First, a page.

I had the opportunity to participate in the largest charity wine tasting I’ve ever attended on Sunday. The 12th annual d’Vine Affair, hosted by Catholic Charities of Chicago, helped raise funds for the organization’s Self-Sufficiency Programs. More than 250 wines from nearly 50 vintners were featured on two floors of the Union League Club. Two weeks out from our next Napa trip, I couldn’t help but make a beeline for the domestic wine tables to tide me over until our visit.
One of my first stops was to Elizabeth Spencer, where president and proprietor, Elizabeth Pressler (pictured above), was pouring. Her husband, Spencer, is the other half of their winery’s namesake. We tasted our way through their 2011 Sauvignon Blanc, 2009 Sonoma Coast Pinot Noir, 2008 Sonoma Coast Syrah and 2009 Napa Cabernet Sauvignon. (For those who haven’t been, Elizabeth Spencer is a great place to stop in Rutherford. Aside from offering terrific wines, their outdoor tasting area is really beautiful.) I am also spoiled to be able to find Elizabeth Spencer wines at my local shop in Andersonville.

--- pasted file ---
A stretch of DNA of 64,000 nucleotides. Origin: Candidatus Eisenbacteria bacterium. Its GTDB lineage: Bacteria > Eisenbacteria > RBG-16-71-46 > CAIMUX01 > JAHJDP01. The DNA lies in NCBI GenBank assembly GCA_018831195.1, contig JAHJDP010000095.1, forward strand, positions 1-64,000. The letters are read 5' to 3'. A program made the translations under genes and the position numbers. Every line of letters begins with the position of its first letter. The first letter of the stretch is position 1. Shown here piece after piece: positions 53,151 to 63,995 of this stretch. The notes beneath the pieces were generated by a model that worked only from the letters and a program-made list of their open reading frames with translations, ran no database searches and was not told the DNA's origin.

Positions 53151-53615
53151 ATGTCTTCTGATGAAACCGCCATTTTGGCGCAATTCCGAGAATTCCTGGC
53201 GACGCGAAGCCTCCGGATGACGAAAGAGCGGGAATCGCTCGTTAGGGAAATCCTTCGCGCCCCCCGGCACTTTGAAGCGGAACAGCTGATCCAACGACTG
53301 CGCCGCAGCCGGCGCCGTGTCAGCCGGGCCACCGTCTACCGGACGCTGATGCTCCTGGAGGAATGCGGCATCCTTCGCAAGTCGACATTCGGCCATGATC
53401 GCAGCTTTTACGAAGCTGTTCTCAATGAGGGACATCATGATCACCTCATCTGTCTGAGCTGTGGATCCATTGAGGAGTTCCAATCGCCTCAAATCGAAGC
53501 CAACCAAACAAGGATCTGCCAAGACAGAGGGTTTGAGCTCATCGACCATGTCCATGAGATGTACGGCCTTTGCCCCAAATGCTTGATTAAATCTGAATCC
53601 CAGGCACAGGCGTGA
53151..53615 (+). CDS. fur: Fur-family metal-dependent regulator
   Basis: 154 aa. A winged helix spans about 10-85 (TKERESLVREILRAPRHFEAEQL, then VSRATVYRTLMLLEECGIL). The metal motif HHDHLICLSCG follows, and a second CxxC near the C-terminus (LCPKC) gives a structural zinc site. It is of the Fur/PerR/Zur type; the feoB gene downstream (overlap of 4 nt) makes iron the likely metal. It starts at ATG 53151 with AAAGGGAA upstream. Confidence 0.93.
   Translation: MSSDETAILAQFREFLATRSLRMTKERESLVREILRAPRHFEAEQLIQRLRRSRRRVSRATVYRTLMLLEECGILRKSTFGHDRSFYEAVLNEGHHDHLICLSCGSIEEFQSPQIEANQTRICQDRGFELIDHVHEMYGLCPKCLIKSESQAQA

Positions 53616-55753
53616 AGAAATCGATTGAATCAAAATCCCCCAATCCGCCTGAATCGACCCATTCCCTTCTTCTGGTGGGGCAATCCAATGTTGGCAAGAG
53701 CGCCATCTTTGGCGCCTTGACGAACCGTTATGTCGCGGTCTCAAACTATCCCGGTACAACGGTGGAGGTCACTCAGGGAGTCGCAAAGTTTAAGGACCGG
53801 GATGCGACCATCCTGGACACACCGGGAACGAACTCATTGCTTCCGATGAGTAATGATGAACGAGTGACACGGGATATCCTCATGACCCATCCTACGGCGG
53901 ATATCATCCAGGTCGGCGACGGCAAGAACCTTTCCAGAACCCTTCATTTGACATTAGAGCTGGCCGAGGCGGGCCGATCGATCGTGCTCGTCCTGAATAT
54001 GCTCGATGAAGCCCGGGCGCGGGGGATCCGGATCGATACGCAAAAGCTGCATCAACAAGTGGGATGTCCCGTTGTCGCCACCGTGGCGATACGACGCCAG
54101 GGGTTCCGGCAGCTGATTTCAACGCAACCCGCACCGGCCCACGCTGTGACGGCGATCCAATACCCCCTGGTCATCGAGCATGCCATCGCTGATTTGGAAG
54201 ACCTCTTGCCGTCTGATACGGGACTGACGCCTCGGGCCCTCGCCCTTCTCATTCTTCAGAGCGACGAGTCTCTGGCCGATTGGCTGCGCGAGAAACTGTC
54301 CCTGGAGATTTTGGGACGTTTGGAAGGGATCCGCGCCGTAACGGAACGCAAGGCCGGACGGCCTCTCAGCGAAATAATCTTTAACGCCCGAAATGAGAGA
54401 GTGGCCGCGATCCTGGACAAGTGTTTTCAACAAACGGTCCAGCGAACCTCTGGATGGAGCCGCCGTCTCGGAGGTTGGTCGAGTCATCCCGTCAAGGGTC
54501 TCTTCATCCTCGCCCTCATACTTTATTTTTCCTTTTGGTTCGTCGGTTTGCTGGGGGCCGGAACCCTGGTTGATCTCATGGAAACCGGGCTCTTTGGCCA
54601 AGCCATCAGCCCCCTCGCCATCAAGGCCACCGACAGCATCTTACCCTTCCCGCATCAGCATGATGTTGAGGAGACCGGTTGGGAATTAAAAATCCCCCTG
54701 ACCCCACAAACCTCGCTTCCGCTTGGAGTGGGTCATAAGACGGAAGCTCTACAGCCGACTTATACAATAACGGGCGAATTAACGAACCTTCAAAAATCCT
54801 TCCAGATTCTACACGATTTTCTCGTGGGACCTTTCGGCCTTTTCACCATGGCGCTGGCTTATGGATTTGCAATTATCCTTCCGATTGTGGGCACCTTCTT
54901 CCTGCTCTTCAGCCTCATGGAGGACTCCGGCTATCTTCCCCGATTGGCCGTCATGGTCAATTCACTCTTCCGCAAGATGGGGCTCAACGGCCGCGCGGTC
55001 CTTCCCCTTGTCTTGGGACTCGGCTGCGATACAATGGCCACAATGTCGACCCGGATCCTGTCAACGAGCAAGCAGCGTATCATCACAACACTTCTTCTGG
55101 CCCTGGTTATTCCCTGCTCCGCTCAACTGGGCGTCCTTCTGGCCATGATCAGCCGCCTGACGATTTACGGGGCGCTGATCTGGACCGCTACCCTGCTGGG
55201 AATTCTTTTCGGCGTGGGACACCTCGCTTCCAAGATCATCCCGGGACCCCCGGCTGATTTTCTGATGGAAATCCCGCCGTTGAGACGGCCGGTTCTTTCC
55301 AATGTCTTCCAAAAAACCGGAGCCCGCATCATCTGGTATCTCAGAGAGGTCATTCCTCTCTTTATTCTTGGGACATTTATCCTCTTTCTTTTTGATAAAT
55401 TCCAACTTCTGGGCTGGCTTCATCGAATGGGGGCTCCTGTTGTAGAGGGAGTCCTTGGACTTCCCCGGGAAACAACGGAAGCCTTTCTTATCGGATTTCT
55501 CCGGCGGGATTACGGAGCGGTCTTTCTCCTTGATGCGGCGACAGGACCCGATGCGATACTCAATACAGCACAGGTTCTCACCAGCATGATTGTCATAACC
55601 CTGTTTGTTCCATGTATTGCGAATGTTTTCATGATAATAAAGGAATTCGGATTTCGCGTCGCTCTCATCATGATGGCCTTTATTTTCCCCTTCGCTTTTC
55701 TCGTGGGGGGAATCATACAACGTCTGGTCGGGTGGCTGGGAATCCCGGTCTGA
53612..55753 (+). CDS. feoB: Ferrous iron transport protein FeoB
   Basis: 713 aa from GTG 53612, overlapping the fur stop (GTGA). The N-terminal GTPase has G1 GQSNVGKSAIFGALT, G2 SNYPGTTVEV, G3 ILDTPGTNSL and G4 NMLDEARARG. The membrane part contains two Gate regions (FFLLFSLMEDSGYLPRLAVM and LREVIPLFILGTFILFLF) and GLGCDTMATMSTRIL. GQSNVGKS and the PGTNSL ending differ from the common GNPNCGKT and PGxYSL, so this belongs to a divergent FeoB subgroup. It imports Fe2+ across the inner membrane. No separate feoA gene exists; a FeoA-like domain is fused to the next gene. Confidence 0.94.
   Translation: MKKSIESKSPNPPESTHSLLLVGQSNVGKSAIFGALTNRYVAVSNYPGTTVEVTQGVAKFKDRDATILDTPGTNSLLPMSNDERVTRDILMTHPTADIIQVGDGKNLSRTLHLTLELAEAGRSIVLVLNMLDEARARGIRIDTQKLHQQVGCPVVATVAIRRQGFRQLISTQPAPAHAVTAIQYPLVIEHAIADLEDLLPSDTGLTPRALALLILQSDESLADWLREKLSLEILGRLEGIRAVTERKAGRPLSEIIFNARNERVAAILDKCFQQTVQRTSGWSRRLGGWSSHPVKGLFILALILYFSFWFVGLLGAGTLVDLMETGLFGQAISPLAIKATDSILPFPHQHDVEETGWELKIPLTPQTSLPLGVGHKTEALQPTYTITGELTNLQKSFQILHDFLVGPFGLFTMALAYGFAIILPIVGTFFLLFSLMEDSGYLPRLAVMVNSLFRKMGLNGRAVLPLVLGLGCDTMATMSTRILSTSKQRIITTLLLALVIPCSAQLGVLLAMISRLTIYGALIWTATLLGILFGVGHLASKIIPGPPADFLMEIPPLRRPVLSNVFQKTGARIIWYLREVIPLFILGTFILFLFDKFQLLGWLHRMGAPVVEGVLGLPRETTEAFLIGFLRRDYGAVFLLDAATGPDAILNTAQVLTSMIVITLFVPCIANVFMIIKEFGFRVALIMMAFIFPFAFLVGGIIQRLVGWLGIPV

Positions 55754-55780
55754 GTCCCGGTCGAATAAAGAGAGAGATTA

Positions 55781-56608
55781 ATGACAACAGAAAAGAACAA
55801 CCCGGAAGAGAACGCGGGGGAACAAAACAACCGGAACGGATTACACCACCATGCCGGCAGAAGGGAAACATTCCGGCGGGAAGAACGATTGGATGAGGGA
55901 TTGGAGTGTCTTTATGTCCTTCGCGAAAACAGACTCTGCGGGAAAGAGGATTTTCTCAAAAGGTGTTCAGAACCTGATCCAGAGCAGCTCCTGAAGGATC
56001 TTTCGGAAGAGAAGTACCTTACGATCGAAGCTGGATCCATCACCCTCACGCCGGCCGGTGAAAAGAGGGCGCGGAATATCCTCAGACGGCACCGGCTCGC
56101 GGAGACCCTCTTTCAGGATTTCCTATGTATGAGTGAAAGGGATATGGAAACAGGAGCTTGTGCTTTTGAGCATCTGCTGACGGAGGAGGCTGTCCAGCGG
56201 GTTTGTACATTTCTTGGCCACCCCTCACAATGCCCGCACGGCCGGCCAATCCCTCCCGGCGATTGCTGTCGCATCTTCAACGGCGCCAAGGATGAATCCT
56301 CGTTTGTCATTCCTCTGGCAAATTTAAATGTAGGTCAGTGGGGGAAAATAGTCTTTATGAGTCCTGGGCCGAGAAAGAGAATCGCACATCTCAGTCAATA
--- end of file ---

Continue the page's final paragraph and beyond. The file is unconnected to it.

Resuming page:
New Wines at The d’Vine Affair
After experiencing the wines we know, we were excited to try some of these new (to me) offerings:
- Detert Family Vineyards – Though Sunday was the first I’d learned of Detert, it turns out I’m quite familiar with the work of their winemaker, Tom Garrett, who also makes wine for Revana Family Vineyards. Tom’s family has been growing Cabernet Sauvignon and Cabernet Franc since 1953 (just behind the To Kalon vineyard in Oakville). We sampled the 2007 Oakville Cabernet Franc and loved the complexity of this wine. This vintage is comprised of 98% Cab Franc and 2% of their Cab Sauvignon and production is around 334 cases.
- Lail Vineyards – At this table, we were presented with the refreshing Blueprint 2011 Sauvignon Blanc and Blueprint 2010 Cabernet Sauvignon. Both are priced around $40 – while that’s along the higher-end for a Sauvignon Blanc it certainly met, if not exceeded, the benchmark set by its peers at the same price point. Read more →